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The Unfolding Texts

The Target Books novelisations were essential purchases for Doctor Who fans in the 1970s and 80s. But what was the secret of their success?
An Ice Warrior dominates Tony Masero’s cover painting for Doctor Who – The Seeds of Death (1986).

Clockwise from left: Details of Chris Achilleos’ art for the covers of Doctor Who and the Dalek Invasion of Earth (1977), Doctor Who and the Crusaders (1973) and Doctor Who and the Planet of the Spiders (1975).

People never really stop loving books,” says the Doctor in Silence in the Library (2008).

For Doctor Who fans of a certain age, the Doctor Who novelisations published by Target Books are not merely a subject of nostalgia. For a whole generation of fans, the novelisations were the reason they became Doctor Who fans. In the days before streaming, before Blu-rays, before DVDs, before videos, they were the only way to experience most past Doctor Who adventures ‘on demand’. They were the only way for fans to relive fondly remembered stories from previous years and to discover stories from before they started watching. For most fans, they were the only form of Doctor Who that could be revisited and absorbed in depth.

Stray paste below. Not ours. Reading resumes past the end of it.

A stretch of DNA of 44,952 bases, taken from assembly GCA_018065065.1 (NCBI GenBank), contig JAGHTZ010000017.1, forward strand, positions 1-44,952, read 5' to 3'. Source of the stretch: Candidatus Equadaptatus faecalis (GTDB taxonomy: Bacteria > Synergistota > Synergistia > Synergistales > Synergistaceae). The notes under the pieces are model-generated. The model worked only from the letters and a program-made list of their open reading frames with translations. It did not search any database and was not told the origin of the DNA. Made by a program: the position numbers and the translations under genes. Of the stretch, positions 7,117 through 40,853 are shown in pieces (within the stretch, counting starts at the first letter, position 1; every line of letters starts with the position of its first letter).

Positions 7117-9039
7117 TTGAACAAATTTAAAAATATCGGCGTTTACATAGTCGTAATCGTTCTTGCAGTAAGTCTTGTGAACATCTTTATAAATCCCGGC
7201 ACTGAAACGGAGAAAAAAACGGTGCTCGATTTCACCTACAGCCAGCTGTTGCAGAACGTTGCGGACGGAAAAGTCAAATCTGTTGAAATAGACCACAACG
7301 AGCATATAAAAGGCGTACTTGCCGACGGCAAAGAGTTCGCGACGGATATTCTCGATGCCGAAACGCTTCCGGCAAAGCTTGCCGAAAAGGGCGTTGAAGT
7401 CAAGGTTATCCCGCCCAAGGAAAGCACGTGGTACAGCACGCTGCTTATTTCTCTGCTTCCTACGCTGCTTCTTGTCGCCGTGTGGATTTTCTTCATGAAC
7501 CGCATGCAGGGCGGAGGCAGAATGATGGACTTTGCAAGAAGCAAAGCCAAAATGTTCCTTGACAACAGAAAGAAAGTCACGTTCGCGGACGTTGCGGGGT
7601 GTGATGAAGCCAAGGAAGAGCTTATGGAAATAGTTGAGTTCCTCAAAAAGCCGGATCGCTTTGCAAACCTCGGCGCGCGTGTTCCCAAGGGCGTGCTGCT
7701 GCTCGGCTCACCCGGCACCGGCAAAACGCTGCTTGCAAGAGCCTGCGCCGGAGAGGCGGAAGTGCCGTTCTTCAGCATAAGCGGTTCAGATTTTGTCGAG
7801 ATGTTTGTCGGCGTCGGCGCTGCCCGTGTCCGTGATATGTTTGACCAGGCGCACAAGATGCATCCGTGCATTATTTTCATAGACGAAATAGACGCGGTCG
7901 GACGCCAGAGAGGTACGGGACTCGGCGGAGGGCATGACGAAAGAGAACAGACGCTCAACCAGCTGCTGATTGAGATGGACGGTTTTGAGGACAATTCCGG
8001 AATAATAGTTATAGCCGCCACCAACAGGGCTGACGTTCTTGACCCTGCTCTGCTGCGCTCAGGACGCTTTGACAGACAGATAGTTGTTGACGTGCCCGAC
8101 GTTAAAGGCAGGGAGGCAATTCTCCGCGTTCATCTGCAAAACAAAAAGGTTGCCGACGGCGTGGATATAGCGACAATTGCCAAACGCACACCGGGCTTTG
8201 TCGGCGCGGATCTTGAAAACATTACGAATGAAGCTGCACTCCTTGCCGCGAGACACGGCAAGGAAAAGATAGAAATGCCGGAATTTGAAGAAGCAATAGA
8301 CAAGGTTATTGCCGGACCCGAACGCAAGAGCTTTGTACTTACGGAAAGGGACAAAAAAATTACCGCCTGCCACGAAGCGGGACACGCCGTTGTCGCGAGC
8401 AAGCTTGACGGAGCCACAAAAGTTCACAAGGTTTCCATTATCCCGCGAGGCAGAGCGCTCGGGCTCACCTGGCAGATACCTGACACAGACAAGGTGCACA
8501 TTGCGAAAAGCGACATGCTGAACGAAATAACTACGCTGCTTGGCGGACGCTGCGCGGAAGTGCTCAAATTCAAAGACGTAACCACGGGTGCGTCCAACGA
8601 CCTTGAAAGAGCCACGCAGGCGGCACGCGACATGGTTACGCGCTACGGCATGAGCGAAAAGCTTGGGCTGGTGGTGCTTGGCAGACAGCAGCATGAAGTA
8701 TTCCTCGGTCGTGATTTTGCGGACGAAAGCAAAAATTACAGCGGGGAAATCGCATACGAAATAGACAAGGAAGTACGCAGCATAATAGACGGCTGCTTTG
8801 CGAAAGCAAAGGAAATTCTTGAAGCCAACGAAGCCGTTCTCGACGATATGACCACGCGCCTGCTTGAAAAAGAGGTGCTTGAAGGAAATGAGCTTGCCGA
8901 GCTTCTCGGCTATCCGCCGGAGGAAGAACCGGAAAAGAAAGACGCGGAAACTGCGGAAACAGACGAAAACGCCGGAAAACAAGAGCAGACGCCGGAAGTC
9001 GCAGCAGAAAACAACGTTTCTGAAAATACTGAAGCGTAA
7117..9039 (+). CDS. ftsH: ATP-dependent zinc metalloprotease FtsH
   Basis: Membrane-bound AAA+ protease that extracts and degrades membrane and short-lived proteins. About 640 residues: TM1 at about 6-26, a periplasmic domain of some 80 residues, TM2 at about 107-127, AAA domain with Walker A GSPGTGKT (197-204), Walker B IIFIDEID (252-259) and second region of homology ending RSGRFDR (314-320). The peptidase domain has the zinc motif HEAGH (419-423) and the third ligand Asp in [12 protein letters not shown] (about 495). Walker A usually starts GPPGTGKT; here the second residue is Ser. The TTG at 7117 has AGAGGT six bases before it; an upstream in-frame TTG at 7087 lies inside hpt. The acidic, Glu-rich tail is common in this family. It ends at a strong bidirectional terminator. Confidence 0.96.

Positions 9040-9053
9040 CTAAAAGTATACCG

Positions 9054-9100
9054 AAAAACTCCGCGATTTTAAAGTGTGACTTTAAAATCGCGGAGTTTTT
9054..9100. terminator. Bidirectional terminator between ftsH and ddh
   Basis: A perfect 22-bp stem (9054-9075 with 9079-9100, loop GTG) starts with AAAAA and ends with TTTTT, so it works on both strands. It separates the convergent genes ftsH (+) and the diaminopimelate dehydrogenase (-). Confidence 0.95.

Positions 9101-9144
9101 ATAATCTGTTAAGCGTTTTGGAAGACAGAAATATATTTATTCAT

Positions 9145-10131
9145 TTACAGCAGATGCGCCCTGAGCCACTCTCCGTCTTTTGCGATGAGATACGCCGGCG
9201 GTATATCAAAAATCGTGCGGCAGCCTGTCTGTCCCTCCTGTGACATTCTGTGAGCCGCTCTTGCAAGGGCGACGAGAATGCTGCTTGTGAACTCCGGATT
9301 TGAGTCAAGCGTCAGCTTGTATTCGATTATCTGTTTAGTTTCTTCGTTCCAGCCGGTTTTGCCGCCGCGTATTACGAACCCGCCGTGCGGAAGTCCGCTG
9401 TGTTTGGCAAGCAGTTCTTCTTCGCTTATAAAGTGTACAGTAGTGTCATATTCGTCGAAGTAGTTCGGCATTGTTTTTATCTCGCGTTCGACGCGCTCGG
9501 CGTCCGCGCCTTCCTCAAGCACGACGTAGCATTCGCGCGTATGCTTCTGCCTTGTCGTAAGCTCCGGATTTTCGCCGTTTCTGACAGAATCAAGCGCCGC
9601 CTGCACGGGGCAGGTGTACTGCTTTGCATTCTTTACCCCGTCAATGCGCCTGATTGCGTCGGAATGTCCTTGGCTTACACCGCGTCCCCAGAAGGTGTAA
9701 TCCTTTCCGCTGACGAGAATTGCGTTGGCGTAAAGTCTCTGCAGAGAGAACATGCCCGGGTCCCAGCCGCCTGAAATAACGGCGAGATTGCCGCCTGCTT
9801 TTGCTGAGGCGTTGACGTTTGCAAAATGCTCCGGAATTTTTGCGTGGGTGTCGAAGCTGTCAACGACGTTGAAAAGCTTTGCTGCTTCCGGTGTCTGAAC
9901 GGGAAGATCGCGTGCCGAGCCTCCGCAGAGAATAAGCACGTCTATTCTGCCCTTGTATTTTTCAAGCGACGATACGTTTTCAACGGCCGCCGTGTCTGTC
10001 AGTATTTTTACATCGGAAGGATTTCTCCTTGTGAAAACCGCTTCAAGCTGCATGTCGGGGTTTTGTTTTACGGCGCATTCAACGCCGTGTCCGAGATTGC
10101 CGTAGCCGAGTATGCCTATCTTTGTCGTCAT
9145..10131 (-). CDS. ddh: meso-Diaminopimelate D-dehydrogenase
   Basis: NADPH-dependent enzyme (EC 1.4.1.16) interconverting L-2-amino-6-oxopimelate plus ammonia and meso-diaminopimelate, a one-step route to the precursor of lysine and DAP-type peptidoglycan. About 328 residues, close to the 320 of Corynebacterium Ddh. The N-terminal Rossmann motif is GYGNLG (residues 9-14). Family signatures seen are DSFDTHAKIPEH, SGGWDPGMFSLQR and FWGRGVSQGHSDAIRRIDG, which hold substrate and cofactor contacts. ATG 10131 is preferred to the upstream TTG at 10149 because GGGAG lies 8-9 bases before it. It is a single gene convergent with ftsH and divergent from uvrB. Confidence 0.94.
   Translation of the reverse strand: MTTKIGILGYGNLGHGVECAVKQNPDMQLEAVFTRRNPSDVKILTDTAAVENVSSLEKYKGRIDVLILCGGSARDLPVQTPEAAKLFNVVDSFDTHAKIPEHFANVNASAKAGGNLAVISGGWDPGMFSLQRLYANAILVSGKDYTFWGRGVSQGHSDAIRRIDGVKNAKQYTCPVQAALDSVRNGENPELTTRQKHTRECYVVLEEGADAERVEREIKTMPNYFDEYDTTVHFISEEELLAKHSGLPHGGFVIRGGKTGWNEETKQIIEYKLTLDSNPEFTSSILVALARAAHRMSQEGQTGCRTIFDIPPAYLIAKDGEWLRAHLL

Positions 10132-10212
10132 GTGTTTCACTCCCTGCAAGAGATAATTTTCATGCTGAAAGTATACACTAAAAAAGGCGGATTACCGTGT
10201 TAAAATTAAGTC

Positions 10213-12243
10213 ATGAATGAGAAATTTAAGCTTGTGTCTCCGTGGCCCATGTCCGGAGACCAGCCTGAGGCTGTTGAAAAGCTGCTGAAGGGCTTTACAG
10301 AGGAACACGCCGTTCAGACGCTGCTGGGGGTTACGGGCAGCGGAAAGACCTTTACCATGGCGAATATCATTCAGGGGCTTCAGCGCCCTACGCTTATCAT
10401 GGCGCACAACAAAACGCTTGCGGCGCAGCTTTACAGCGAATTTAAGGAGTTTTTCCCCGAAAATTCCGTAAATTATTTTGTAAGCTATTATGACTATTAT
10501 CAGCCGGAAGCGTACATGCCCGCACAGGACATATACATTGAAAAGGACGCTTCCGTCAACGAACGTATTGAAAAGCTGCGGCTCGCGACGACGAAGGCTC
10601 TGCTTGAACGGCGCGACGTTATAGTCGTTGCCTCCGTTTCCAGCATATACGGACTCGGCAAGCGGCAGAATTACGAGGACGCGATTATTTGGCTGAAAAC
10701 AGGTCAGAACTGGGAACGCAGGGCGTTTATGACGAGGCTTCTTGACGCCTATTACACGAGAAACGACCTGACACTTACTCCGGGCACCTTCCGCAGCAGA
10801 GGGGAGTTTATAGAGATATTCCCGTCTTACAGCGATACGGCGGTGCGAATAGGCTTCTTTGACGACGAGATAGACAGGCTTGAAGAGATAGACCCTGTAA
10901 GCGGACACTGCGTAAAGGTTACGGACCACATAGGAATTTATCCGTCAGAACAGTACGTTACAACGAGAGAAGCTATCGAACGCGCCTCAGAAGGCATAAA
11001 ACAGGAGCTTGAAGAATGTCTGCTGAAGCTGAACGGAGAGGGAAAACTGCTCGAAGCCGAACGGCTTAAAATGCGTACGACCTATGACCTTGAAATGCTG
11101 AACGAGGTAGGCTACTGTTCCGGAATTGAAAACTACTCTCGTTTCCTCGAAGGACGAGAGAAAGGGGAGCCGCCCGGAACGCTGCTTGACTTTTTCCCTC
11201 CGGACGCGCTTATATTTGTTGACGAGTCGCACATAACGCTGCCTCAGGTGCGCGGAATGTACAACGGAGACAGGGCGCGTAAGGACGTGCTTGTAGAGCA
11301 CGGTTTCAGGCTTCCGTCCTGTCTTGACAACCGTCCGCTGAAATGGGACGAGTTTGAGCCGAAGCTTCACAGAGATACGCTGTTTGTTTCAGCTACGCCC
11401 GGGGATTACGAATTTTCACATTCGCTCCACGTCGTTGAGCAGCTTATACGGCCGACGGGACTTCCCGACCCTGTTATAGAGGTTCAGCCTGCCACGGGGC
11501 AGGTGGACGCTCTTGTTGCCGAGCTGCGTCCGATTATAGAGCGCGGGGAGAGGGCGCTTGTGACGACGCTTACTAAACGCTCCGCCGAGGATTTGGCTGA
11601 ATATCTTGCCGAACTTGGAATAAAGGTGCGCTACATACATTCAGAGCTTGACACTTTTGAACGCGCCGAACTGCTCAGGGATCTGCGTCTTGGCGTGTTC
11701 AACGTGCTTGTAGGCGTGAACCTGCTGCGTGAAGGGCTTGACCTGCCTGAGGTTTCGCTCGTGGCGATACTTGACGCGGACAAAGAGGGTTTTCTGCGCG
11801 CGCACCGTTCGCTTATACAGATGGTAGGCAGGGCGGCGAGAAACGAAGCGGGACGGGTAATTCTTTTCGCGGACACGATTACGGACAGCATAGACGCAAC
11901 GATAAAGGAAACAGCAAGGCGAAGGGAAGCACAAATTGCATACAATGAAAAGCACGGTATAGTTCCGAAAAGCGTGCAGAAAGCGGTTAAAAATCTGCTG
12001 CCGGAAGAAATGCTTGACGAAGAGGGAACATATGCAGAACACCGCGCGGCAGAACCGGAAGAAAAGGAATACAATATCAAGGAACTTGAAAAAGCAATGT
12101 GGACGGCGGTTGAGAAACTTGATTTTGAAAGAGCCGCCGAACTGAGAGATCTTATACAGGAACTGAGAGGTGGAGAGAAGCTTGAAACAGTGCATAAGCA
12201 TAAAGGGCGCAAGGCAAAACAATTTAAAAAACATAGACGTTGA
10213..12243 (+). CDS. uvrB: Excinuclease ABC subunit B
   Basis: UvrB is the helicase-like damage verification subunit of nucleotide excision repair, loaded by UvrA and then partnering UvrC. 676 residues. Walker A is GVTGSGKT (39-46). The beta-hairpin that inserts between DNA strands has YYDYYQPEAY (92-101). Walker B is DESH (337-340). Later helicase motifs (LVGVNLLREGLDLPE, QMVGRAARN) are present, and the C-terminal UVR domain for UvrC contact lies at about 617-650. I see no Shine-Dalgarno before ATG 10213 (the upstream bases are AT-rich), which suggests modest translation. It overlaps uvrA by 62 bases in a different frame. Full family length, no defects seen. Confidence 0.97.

Stories could be re-read until the pages fell out and every character, monster and chapter title had been committed to memory. Stories could be appreciated as a whole, freed from the constraints of weekly TV showings, where episodes would spend half their time reminding viewers what happened last week and the other half trying to get them to tune in next week. Stories could be analysed and evaluated: which ones had the most exciting plots, the most interesting ideas, the most memorable characters. They could be fitted together into chronologies according to the incarnations of the Doctor, the comings and goings of companions, and the repeated encounters with Daleks and Cybermen. They enabled fans to enjoy Doctor Who stories in the way that fans like best: where you already know everything that happens and can just sit back and enjoy the ride.

You’re right there in the tunnel with the marauding Yeti lurching towards you; you’re not watching it on a screen.

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About Doctor Who Magazine

Considered a unique record of Doctor Who’s history in the era before fanzines, official magazines and home video, Target books are probably the most cherished items of merchandise inspired by the show. They’re certainly the most commercially successful. From the early 1970s to the early 90s, it’s estimated that Target sold over eight million novelisations and other Doctor Who books. This is the inside story of a legendary imprint, from its rise and fall to its triumphant revival in 2018. Highlights include exclusive interviews with the key players, numerous rare images and extracts from two unpublished manuscripts.